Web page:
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February 6, 2014updated 04 Apr 2017 2:31pm

Majority of UK advisers want product providers to facilitate advice fees on trusts: Skandia

The majority of financial advisers in the UK, 58%, want product providers to facilitate trust advice fees from the investment held within the trust, according to a adviser survey conducted by Skandia International, part of Old Mutual Wealth.

By Verdict Staff

The majority of financial advisers in the UK, 58%, want product providers to facilitate trust advice fees from the investment held within the trust, according to a adviser survey conducted by Skandia International, part of Old Mutual Wealth.

The remainder, 42%, want the trustee or client to write them a cheque rather than be facilitated by the provider.

Not all product providers are able to facilitate advice fees from the trust, so some advisers will have no choice but to ask the settlor of the trust or trustee for a cheque at review time. Where the adviser does have a choice, it is important they understand what the options are.

Being able to take fees from the product inside the trust can be much simpler from an administrative perspective for all parties. If fees are taken from the trustee’s bank account then the trust becomes subject to self-assessment, whereas fees taken from the investment within the trust may not be subject to self-assessment (depending on the underlying investment and the amount encashed). Setting up a trustee bank account for the trust is also difficult to achieve, and can take a long time.

Clients and trustees may prefer to pay the advice fee from the trust rather than pay additional fees from their own bank account. Where there are multiple personal trustees, having the payment come out of the trust may be easier to manage and administer, rather than trying to split the costs proportionately between them.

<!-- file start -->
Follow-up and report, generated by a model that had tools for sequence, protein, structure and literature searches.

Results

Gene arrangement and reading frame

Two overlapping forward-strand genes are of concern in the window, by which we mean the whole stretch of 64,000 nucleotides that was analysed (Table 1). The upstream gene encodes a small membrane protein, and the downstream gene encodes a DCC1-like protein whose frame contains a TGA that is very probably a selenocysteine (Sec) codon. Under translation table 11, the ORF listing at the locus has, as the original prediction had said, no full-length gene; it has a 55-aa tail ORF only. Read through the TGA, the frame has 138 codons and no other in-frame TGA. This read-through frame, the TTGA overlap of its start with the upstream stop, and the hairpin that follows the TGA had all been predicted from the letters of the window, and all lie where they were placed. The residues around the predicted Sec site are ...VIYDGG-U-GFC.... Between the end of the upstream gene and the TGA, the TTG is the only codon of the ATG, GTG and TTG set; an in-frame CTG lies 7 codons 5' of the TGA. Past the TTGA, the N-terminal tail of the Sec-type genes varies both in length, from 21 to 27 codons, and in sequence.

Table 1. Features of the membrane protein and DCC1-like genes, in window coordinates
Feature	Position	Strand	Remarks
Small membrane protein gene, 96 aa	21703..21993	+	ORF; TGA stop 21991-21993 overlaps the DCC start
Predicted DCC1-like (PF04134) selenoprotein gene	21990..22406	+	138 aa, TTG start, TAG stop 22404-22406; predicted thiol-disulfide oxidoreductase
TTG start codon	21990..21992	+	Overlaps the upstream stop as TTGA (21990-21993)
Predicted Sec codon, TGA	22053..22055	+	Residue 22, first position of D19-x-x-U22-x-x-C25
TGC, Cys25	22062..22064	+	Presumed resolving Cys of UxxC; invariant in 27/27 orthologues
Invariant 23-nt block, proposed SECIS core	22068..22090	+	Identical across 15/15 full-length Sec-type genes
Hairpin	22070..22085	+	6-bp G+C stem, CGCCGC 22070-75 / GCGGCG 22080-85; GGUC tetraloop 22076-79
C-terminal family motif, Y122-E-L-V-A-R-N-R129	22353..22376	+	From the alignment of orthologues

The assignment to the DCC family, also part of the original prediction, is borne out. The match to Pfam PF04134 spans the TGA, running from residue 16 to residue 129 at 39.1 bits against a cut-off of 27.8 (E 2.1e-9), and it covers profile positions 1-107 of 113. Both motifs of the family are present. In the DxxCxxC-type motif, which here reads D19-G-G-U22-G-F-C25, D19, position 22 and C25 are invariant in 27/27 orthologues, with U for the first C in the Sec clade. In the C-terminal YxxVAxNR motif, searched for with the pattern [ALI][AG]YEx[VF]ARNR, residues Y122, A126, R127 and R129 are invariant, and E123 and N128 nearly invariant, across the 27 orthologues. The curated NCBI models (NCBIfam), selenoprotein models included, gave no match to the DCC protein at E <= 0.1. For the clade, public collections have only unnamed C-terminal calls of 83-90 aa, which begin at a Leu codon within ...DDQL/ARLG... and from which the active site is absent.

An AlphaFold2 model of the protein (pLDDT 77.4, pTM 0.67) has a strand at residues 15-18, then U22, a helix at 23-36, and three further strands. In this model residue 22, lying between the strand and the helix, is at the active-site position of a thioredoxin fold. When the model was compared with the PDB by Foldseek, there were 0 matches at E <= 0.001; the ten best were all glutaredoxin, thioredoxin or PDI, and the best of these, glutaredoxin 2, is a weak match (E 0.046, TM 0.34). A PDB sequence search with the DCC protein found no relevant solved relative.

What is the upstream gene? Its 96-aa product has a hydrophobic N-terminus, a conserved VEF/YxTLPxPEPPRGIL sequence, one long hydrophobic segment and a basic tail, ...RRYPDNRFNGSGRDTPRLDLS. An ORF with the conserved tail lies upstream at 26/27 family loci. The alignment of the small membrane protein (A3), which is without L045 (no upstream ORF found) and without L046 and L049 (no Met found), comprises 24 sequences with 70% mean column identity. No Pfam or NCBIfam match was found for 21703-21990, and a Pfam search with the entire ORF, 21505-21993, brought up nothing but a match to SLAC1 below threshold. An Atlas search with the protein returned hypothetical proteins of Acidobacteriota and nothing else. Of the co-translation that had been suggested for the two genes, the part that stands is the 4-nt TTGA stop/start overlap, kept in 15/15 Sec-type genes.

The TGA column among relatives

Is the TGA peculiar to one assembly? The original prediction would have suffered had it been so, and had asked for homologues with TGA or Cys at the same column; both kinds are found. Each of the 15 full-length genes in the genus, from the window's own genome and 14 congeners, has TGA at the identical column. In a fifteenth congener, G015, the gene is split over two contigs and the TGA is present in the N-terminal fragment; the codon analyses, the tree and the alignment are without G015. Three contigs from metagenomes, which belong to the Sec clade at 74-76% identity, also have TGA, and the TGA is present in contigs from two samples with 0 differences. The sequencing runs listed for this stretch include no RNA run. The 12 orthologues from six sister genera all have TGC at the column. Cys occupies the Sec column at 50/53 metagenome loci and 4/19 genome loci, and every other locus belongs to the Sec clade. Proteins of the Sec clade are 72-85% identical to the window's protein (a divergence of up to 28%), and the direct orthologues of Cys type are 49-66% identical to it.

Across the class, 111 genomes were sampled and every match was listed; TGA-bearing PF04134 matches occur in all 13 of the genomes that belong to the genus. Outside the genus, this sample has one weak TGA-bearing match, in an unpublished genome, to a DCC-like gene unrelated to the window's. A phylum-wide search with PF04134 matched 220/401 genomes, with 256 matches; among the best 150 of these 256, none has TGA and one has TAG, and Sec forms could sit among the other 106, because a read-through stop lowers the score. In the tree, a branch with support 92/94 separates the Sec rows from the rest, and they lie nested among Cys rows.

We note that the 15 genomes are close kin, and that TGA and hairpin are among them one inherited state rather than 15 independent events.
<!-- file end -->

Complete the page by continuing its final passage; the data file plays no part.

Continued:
Taking fees from the trust also means that on the death of the client, the adviser can continue to provide advice on the trust knowing they will continue to receive their fee directly from the provider.

Advisers and their clients will need to consider the best approach to take when it comes to paying fees to ensure they mitigate any adverse tax consequences. For example, where the settlor is not able to benefit from the trust, any advice fee taken from the trust could impact the IHT efficiency of the trust if they are advising the settlor.

However, the adviser could take fees from the trust if they are advising the trustees without impacting the IHT efficiency of the trust.

Paul Schrijver, technical specialist at Skandia International, said: "In this new world of paying fees rather than commission, many advisers and their clients still prefer to facilitate the advice fee through the product inside the trust rather than by cheque from the trustees or the settlor. We have ensured we can meet this demand by making sure our trust range can facilitate fee payments in this way. Taking a fee from the product can help all parties better manage and administer the trust, and ensure continuity of trust management and fee payment even after the client has passed away."

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